Amazon ads have been the talk of indie author town since Amazon opened its AMS platform to all KDP users in 2016. While Facebook ads become increasingly competitive, as Mark Dawson already predicted on this blog back in 2015, Amazon have made huge improvements to their advertising platform, and are progressively becoming one of the most favoured channels for marketing a book. Like any other advertising platform, the AMS platform comes with its own challenges and learning curve. And like any other platform, success largely depends on data analysis and iteration. In this post, we’ll analyze two case studies (one... View Article
Tag Archive: digital publishing
Last year we spoke with author Natalie Barelli about striking a big item off her bucket list: writing and publishing her debut novel, Until I Met Her. Less than twelve months later, Natalie has been signed by Amazon’s thriller imprint Thomas & Mercer, and her novel is undergoing a re-release. In this article, she talks the bumpy road of self-publishing, one that for her has been full of trials and tribulations. However, she’s a true example of the saying, “If at first you don’t succeed, try, try again.” In a year, Natalie has turned publishing mishaps into lessons, and, clearly, her... View Article
What's the difference between writing a blog and a book? Two veteran ghostwriters explain why more bloggers should become authors — and how they can do it best.
We're helping to streamline your learning — and cut back on your hours of aimless browsing — with this list of our favorite writing and self-publishing roundups.
Laurie Garrison, Ph.D. is the director of Women Writers School, a blog and course provider that works mainly with female authors. She has recently self-published a manifesto for her business, Women Writers in the Twenty-First Century. Previously, she was a university lecturer, an internationally renown critic of Victorian literature and the author of the book, Science, Sexuality and Sensation Novels: Pleasures of the Senses. The online world is bursting with free advice for writers. Everywhere I look I see articles geared toward helping the writer shape her emails, pitches, proposals, synopses and, above all, her manuscripts into something an agent, editor or... View Article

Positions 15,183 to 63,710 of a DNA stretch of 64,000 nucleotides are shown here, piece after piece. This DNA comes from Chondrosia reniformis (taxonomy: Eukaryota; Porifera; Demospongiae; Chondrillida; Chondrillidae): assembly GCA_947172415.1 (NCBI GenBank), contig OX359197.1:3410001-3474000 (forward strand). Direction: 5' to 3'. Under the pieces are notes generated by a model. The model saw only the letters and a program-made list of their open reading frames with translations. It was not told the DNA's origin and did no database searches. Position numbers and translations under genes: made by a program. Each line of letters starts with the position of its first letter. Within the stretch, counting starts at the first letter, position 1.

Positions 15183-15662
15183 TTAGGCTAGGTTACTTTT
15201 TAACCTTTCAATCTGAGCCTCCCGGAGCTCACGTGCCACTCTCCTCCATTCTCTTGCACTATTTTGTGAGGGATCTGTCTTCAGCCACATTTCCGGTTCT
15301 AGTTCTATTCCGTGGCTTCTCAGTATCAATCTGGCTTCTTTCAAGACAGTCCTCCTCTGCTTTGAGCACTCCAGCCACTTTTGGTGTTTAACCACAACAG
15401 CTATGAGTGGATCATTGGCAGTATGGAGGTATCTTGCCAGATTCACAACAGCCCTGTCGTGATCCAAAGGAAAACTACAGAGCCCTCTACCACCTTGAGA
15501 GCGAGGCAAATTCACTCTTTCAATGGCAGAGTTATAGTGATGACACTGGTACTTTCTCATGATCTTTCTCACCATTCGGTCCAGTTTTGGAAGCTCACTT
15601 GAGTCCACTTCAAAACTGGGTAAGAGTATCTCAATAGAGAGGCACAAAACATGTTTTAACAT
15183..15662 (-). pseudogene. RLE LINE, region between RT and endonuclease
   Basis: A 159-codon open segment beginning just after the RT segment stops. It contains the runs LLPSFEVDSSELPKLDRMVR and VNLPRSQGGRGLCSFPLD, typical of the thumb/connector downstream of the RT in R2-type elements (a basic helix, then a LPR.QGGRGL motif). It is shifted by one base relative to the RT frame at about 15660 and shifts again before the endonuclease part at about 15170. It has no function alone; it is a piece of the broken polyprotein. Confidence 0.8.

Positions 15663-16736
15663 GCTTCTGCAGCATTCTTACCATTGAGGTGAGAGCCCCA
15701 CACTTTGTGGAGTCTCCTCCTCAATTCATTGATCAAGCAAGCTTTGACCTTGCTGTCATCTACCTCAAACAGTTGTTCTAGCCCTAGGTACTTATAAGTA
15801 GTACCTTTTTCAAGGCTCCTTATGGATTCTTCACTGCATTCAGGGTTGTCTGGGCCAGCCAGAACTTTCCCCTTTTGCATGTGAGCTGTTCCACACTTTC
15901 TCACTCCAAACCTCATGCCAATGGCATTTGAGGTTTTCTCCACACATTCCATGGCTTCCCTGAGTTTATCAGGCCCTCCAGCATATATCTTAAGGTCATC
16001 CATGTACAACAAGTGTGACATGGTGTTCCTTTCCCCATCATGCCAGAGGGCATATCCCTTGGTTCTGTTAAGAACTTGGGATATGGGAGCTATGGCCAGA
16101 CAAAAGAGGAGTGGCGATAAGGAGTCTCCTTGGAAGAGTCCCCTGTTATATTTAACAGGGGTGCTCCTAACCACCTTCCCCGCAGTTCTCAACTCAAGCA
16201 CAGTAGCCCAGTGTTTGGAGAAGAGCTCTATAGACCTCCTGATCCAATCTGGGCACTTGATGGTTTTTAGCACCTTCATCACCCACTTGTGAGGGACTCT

Karrin Marie Varucene is a Reedsy editor with seven years of editorial experience, including development editing, copy editing, and proofreading. She gained her editorial start in educational publishing and has since groomed her skills with creative nonfiction manuscripts and digital content marketing.
In the run-up to NaNoWriMo before, we asked veteran authors and editors for their single greatest piece of advice for writers about to embark on a 30-day writing binge. Here they are...
So, you’ve got an original idea for a book. Maybe it’s the memoir you’ve meant to write for years, or a stunning business book designed to shake up the status quo in Silicon Valley. Once you have this idea, how do you turn it into an actual manuscript? Writing a book is no simple task, which is why published authors often work with an editor to develop their ideas before they even type ‘Chapter One’ on the top of a blank page. But for you — the independent author who doesn’t have a book deal, let alone a dedicated editor at... View Article
As you put the finishing touches on your book and prepare it for publication, you’ll quickly come across the need for front matter and back matter. These terms may seem confusing at first, but they’re simply the first and last sections of your book; the bits that make it an official book, and not just chapters printed on bound paper. In this post, we’ll summarize what sections should be including in your front, body and back matter, and how you can create them all using the Reedsy Book Editor.
In this Reedsy Live session, book marketer Michael Doane takes viewers through the basics of creating a successful author website — one that can effective capture visitors and convert email addresses into an all-important mailing list. Adhering to the old writer's maxim of "show, don't tell," Michael critiques pre-submitted examples to demonstrate the good and the bad of author websites.